Black Star Riders find identity outside of Thin Lizzy

Anyone who’s seen a classic rock act live has witnessed what looks like the world’s largest game of musical chairs.

The crowd is on its feet singing along and dancing to all the old favorites. Then the lead singer announces they’re going to play a new song … and everybody sits down or decides to take a bathroom break.

Black Star Riders was created so that its new music could stand on its own.

When the band isn’t touring as BSR, it’s Thin Lizzy, the Irish rock act best known for such songs as “The Boys Are Back in Town,” “Jailbreak” and “Whiskey in the Jar.” Original Thin Lizzy lead guitarist Scott Gorham assembled a new band in 2010 to carry on the legacy of the act Phil Lynott led until his death in 1986.

But Gorham’s new bandmates — Ricky Warwick, lead vocals; Damon Johnson, guitar; Robbie Crane, bass; and Jimmy DeGrasso, drums — started creating new music together, as musicians do, and even demoed some of those songs for a possible Thin Lizzy record.

“Scott quickly realized we could write ‘Let It Be’ and ‘Hotel California’ and it still wouldn’t live up to the legacy of Phil and that band and those songs at that time,” Johnson said during a telephone interview from his home in Alabama.

Instead, they created a separate outlet for that new music. BSR has released three albums — “All Hell Breaks Loose” (2013), “The Killer Instinct” (2015) and “Heavy Fire” (2017) — which have had some success in Europe, and the band is looking to broaden its audience in the United States by opening for Judas Priest on a tour that includes a concert March 15 at Youngstown’s Covelli Centre.

Johnson, who co-founded the band Brothers Cane and played lead guitar for five years for Alice Cooper, loves playing Thin Lizzy’s music, and he could have paid the bills playing 40-year-old Thin Lizzy songs, but the joy that comes from writing songs with Warwick and playing them live is different.

“I live for that,” Johnson said. “The fulfillment level is just off the charts … I’ve never had greater output creatively than what I have with Black Star Riders. I’m really loving where we’re at.”

As the title of its new record indicates, BSR can bring some “Heavy Fire,” but the songs don’t necessarily sound like Thin Lizzy. It’s more like they were written by guys who have similar record collections as the original Lizzy lineup.

“‘Testify or Say Goodbye’ is definitely steeped in some Motown, steeped in some Van Morrison,” Johnson said. “Ricky and I talk about Motown records all the time. On ‘Someday Salvation’ (from ‘All Hell Breaks Loose’), we literally sat down trying to rip off ‘Baby Love’ by Diana Ross and the Supremes.”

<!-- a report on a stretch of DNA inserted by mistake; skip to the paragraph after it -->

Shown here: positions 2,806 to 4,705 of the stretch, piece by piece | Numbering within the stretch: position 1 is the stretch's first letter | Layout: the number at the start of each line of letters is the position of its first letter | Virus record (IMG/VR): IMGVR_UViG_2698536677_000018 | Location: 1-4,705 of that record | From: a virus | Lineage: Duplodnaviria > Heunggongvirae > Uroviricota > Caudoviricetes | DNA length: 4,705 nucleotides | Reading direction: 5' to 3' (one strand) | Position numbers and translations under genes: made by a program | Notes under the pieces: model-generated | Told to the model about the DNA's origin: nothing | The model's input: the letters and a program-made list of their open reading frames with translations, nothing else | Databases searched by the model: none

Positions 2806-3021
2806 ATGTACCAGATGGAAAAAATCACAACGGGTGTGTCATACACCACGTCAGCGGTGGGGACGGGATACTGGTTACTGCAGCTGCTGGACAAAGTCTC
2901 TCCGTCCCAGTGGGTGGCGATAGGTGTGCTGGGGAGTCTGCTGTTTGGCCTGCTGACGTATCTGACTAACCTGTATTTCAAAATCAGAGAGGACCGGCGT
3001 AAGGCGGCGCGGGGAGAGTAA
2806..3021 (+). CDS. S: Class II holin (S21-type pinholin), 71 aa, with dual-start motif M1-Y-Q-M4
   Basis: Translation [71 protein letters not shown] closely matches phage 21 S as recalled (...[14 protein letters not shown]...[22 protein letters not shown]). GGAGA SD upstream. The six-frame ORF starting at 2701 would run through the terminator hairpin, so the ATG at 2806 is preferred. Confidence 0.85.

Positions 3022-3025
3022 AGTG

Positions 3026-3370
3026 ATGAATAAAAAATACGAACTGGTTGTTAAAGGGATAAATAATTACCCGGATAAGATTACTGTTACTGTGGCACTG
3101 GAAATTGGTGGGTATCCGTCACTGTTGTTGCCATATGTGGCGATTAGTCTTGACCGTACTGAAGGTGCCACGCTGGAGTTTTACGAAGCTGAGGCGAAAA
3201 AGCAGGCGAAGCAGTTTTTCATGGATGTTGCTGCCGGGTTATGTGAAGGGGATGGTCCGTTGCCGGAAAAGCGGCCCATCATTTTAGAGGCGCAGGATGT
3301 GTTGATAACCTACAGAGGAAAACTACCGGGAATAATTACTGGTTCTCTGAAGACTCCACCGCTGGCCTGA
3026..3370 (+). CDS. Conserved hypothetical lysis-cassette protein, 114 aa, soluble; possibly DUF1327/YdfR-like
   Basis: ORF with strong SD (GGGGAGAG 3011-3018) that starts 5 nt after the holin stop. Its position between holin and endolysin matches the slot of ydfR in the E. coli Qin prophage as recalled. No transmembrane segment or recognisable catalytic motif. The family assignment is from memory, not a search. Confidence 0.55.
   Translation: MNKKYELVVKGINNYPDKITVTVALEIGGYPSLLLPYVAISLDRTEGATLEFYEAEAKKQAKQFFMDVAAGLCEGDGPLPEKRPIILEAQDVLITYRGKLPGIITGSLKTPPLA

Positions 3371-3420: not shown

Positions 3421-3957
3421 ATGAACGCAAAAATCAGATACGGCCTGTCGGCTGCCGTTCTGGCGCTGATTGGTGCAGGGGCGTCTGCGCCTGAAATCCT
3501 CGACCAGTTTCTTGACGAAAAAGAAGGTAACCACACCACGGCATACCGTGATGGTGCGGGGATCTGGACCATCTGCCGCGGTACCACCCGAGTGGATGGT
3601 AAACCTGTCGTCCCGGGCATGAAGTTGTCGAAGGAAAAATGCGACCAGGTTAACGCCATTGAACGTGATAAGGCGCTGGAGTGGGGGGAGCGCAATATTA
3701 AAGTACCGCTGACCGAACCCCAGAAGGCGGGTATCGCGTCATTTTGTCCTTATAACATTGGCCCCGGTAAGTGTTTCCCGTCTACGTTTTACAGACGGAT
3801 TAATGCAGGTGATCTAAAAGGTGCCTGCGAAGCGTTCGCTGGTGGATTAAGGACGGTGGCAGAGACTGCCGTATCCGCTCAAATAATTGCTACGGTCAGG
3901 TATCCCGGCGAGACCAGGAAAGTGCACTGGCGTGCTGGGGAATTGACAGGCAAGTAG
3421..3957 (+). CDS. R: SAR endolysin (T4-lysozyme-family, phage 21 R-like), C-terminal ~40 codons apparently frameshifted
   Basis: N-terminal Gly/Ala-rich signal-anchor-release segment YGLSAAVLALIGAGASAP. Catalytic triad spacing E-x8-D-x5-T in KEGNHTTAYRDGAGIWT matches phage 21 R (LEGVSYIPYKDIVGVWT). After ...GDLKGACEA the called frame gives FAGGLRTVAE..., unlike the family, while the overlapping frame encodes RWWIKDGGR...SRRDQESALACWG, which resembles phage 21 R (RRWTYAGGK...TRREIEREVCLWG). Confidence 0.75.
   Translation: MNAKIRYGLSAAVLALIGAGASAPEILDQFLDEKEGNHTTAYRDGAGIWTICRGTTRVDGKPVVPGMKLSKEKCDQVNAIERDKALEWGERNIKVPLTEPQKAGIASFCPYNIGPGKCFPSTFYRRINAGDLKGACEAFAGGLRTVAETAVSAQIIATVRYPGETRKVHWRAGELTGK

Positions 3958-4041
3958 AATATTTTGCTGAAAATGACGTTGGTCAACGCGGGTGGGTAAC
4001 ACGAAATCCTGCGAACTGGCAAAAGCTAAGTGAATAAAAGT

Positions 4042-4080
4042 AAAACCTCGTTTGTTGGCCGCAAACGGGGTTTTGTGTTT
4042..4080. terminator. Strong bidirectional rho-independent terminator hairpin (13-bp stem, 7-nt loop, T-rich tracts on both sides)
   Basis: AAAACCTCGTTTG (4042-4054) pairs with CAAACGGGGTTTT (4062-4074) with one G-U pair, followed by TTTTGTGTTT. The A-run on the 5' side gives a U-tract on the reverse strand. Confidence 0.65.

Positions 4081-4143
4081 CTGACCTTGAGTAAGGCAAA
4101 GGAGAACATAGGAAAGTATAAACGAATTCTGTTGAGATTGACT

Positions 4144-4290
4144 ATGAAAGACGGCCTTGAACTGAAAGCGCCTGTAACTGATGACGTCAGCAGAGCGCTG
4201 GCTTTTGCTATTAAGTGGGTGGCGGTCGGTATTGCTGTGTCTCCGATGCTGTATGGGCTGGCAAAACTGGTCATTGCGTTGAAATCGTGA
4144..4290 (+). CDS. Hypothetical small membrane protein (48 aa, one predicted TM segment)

Even as BSR, the band usually includes a couple Thin Lizzy songs in the setlist.

Johnson, 53, got to see the original Thin Lizzy with Lynott when he was growing up in Alabama.

“It was a fluke, almost destiny in some weird way,” he said. “We’d just moved to north Alabama and I was starting 10th grade in high school I made some new friends. and one their dads drove us to Huntsville to see Ted Nugent. Thin Lizzy just happened to be a last-minute add as a support act. I was familiar with ‘Boys Are Back in Town,’ but that totally changed my life.”

Another band that was a big influence on Johnson growing up was Judas Priest, which makes the upcoming tour that much more exciting. Johnson said “Desert Plains” from Priest’s 1981 album “Point of Entry” is one of his 20 favorite songs of all time, right up there with Bob Seger’s “Night Moves” and Bob Dylan’s “Positively 4th Street.”

The interview with Johnson took place two days after Judas Priest announced that founding guitar player Glenn Tipton would be unable to tour with the band because of his Parkinson’s disease. Johnson said they found out the same day as the public announcement.

“Glenn is a legend,” Johnson said. “Isn’t it fascinating how it takes a health scare or even someone’s passing before you really put the microscope on their body of work and look at what they have meant and their influence? I’m still living in a perpetual state of mourning since Tom Petty passed on. We take them for granted and think they’ll live forever.

“But we love Judas Priest so much. There’s just not a better organization or a rock ‘n’ roll band on the planet. They’re like family to us … Fans are going to get a great night of music, but all of us on both side will be thinking about Glenn.”